This discreet VPN connects to your device to establish a secure connection and keep your data safe!

Since most of our workdays take place online, the use of VPNs for secure web surfing has steadily risen in popularity. Some of us may use VPNs to freely access the internet via a secure connection and to ensure that our data is encrypted and inaccessible by cyber intruders. They come in handy when working on hush-hush jobs such as upcoming campaigns or classified projects. Adding his VPN design to the mix, Ian Redcay conceptualized Black, a virtual private network and hardware solution for data protection and unrestricted internet access for the everyday user.

Traditionally, VPNs have operated as online services or expensive hardware systems bought by companies to protect their data, while remaining mostly unavailable to the average consumer. To create a more accessible solution for consumers who’d like to freely interact with the web through an established secure connection, Redcay designed Black. All but for the transparent compartment that encases Black’s internal PCB, the portable VPN device dons a jet black exterior. The subtle and contrasting combination of transparency and opacity expresses Black’s dual purpose of data encryption and open internet access.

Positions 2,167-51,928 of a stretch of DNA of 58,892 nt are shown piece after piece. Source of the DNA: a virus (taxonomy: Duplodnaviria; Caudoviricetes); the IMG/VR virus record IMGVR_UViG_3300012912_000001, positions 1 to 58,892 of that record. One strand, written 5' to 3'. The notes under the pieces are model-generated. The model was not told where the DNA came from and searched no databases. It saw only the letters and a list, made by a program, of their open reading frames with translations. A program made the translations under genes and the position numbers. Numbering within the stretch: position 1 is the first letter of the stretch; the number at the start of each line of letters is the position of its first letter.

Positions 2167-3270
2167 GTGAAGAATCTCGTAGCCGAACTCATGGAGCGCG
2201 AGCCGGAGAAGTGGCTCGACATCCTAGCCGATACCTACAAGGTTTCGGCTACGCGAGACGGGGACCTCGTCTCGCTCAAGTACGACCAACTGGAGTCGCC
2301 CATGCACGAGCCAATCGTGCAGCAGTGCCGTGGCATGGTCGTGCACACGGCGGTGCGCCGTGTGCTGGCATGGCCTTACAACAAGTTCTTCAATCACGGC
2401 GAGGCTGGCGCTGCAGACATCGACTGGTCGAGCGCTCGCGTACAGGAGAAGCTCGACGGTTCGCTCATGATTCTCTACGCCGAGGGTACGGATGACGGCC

While Black’s exterior might be a focal point in and of itself, the hardware’s exterior works with its internal function to merge aesthetics with practicality. Once a user connects to Black through their personal device, whether a laptop or smartphone, then integrated VPN processing encrypts the user’s data while managing network access to protect the user’s anonymity. In addition to Black’s main function of data encryption, features such as silent air vents and LED indicators further drive home Black’s commitment to obscurity. Through minimal branding and understated design elements, Redcay conceptualized a VPN device that is as inconspicuous and guarded in appearance as it is slick and efficient in function.